Disparities in Obesity

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According to the U.S. Centers for Disease Control and Prevention (CDC), more than one-third of U.S. adults suffer from obesity. However, not all segments of the population are affected equally.

Racial and Ethnic Disparities

According to a special report by Trust for America’s Health and the Robert Wood Johnson Foundation, while obesity rates have increased among all ethnic and racial groups, some groups are affected more than others.

For example, among U.S. adults, those classified by the report as Black and Latino populations were found to have substantially higher rates of obesity than do those populations classified as White. This was true for both men and women in these ethnic and racial groups.

Specifically, for the time period 2011 to 2012, the rate of obesity for all U.S. adults was 34.9%. However, the rate among Black adults was 47.8%, and among Latino adults it was 42.5%. Among White adults, the rate was 32.6%.

These disparities extended to childhood obesity rates as well, which were higher among Black and Latino children than among White children.

Reasons for Disparity

The report puts forth analyses as well as strategies for preventing obesity that are specific to each racial and ethnic community. For Black communities, the report authors note that “disparate access to affordable healthy food and safe places to be physically active contribute to higher rates of obesity and related illnesses in Black communities in America.”

In Latino communities, the report notes “high rates of hunger and food insecurity” as well as “limited access to safe places for physical activity.” Latino communities also experience “inequities in access to healthcare.”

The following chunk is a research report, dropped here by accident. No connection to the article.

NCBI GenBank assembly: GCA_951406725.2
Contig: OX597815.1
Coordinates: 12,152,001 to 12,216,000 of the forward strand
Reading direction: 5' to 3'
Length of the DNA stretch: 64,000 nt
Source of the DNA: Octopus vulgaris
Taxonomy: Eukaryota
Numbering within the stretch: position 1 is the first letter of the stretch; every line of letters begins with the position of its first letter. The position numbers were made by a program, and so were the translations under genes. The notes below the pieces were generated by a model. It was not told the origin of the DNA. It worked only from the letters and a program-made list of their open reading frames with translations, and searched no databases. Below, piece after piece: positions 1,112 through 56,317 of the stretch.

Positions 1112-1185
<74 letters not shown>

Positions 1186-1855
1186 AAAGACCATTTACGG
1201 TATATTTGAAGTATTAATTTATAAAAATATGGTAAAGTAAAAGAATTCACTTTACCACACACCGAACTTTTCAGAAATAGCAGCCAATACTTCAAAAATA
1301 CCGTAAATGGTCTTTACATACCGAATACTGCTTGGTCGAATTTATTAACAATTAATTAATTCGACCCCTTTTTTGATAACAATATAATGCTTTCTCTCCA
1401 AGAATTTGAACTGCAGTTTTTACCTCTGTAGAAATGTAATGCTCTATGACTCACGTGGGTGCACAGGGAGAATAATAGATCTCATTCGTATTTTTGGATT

The report further notes that “inequities in a range of factors—income, stable and affordable housing, access to quality education and others—all influence a person’s chance to live a longer, healthier life.”

The Importance of Neighborhood Walkability

Living in a neighborhood where it is safe to engage in outdoor physical activity is important in treating and preventing obesity. Several studies have now found that neighborhood walkability is associated with lower rates of overweight and obesity as compared to the same rates in neighborhoods that are more dependent on cars for transportation.

“Neighborhood walkability” refers to how likely it is that you are able to walk to local shops, schools, and parks in your own neighborhood.

Can you walk to the grocery store from where you live, or do you have to get in your car to get to the store?

What are known as active modes of travel—walking or cycling, for example—have greater potential health benefits than driving a car, and greater potential to prevent obesity.


Centers for Disease Control and Prevention. Adult Obesity Facts. Accessed online at http://www.cdc.gov/obesity/data/adult.html  on December 28, 2015.

The State of Obesity: Better Policies for a Healthier America. Special report: racial and ethnic disparities in obesity. Accessed online at http://stateofobesity.org/disparities/ on December 28, 2015.

Flint E, Cummins S, Sacker A. Associations between active commuting, body fat, and body mass index: population based, cross sectional study in the United Kingdom. BMJ 2014;349:g4887.

Chiu M, Shah BR, Maclagan LC, et al. Walk Score and the prevalence of utilitarian walking and obesity among Ontario adults: a cross-sectional study. Health Rep 2015;26:3-10.

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